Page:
How to track and measure your TRIR

Many companies have great intentions when it comes to measuring and staying on top of their total recordable incident rates, but much of the difficulty of all of these safety metrics lies in actually recording them - and in reconciling them and managing them so that the final numbers are accurate.

When it comes to tracking the numbers, companies rely on workplace, field and site workers to report incidents. There are a couple of challenges here:

  1. Getting people to report incidents when they do happen
  2. Giving people the right tools to be able to report incidents properly

The first challenge mostly comes down to the type of safety culture you have at your organisation, as well individual personalities. Ensuring you create a positive safety environment where people feel comfortable taking the time to fill out incident reports is an ongoing effort.

The second challenge, giving people the right tools to be able to report incidents has been slower going for many companies then fostering a good culture of safety.

Many companies still rely on procedure posters, paper-based documents and partially digital documents like word and PDF to 'enforce' and funnel incident information into management, or the management system.

But these manual processes leave a lot of chance for people to forget to report an incident, ignore a normal procedure, or not scan and upload the incident report.

Companies who are managing safety more efficiently today have adopted and adapted to newer technologies.

Using a smarter system, workers who encounter or experience an incident can simply open their phone, access the incident reporting framework or 'template' and complete the report.

Because these technologies are cloud-based, all of the incident reports are instantly synced to the cloud so that people can't forget to upload them or put them in the wrong place.

It also lowers the friction and effort required for workers to do incident notifications, which ends up having a strong impact on the accuracy of your total recordable incident rate 'number'.

Mobile inspection software

Your total recordable incident rate ends up being a single number which you can calculate using your formula (more on TRIR calculations here).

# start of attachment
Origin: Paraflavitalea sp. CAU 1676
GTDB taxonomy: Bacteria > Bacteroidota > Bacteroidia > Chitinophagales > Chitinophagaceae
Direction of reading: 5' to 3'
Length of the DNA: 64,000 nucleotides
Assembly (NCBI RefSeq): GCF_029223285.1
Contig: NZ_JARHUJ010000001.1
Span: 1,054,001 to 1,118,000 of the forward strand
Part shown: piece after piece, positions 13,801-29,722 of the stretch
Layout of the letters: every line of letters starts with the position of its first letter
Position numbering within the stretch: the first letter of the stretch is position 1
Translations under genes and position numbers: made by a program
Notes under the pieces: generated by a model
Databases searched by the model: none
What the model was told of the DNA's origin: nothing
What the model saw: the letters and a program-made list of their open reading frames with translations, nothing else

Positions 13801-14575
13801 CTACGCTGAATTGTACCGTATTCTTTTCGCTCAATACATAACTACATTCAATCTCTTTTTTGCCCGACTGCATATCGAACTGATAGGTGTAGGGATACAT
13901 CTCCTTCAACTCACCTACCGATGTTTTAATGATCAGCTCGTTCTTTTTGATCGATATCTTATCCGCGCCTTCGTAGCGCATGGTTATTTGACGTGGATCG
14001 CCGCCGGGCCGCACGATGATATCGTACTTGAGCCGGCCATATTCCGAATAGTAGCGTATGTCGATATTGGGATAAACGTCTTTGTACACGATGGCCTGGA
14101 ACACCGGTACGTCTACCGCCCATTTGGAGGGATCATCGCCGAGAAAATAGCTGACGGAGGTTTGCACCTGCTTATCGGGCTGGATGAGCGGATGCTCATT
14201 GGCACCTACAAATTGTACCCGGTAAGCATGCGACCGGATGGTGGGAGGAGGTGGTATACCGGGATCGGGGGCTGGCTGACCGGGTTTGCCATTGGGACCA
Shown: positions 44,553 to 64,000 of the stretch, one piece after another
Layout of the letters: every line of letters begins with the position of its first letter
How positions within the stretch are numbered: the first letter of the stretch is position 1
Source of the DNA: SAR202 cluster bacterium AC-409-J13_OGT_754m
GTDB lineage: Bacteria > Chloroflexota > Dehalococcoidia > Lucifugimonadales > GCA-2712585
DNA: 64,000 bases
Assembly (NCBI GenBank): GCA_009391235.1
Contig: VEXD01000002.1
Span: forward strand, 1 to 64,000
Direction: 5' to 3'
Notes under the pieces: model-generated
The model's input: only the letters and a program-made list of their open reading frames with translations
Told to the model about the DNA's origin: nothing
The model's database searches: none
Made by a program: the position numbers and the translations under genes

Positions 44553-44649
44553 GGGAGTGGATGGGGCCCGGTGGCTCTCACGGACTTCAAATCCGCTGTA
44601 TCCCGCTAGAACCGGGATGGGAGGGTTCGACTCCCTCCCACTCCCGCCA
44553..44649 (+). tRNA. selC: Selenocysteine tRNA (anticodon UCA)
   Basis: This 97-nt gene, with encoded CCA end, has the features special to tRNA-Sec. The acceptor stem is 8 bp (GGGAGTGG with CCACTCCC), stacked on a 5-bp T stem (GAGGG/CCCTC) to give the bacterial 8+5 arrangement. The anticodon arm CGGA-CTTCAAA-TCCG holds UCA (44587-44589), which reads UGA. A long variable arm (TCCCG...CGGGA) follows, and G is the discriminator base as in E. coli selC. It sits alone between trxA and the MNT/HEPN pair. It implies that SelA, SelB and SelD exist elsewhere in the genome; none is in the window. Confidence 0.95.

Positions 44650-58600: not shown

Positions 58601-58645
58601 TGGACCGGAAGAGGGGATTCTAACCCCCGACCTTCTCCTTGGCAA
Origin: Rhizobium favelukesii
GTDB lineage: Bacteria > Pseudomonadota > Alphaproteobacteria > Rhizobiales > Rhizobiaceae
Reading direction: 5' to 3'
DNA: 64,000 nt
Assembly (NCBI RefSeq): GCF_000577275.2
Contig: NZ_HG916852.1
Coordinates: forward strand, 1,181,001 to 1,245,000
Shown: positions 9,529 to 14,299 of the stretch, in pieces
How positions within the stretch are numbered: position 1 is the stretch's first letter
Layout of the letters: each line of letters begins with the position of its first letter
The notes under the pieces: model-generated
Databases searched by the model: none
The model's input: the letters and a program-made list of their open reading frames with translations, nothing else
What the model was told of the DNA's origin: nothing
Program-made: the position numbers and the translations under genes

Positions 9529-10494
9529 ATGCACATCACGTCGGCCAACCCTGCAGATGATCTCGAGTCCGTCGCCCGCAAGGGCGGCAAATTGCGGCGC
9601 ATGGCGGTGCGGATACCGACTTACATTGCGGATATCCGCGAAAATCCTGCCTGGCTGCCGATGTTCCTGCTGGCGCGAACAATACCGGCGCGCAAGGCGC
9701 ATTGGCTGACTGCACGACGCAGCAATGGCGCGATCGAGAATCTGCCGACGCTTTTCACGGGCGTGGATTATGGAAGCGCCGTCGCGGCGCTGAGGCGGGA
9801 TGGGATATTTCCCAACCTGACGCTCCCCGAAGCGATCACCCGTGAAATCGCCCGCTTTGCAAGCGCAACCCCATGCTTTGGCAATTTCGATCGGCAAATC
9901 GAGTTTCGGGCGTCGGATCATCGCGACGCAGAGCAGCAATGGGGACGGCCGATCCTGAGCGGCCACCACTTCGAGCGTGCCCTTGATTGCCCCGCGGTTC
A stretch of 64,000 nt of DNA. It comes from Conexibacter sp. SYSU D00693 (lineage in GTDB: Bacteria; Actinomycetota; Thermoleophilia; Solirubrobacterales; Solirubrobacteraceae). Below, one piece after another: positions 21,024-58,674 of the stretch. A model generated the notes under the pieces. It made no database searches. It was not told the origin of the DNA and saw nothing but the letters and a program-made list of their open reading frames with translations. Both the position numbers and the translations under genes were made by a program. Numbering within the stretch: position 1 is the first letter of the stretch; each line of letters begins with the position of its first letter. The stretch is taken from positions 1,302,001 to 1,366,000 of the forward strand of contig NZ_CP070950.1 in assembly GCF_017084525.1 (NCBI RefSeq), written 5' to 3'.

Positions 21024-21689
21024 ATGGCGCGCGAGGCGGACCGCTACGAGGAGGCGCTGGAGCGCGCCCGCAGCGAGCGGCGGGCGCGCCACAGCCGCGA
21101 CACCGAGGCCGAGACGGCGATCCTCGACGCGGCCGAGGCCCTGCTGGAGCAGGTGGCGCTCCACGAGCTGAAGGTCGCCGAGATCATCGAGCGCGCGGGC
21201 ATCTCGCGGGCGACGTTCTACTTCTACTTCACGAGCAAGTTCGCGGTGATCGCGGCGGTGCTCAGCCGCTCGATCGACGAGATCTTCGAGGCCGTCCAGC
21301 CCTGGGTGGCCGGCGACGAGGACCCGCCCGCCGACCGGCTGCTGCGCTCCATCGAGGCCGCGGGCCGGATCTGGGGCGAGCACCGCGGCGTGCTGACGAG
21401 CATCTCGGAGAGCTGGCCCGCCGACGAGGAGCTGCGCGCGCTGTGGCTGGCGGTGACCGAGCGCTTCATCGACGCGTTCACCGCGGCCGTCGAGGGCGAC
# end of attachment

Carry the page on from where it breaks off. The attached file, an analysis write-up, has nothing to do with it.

But just as important as defining your actual number is being able to track components of the calculation as well as other safety inputs in a safety dashboard.

As an example, you can see that tracking the number of incident reports over time in the below chart is great way to manage this important metric in real-time. Your TRIR might be calculated and discussed on a quarterly or annually basis, but being able to see that number and trend over time and in real-time can help you course correct before it effects the TRIR bottom line.

You can also use a system like this to easily calculate the number of incident reports in a given period, which could take hours when counting individual files or filling in excel cells.

Safety incident software

Improve how you manage TRIR using this system.

Your total recordable incident rate is a really important metric, and it's one of those safety metrics which you need to stay on top of.

Workplace safety is a broad topic which encompasses a number of elements of health and safety, but reducing incidents and incident rates is going to be the quickest win in reducing other important safety outcomes including injuries, illness and fatalities.


See how you can easily streamline your systems and processes with Sitemate today

About Lance Hodgson

Lance is VP of Marketing at Sitemate. His aim is to bring awareness to a brighter future for the Built World where industrial workers and companies work smarter.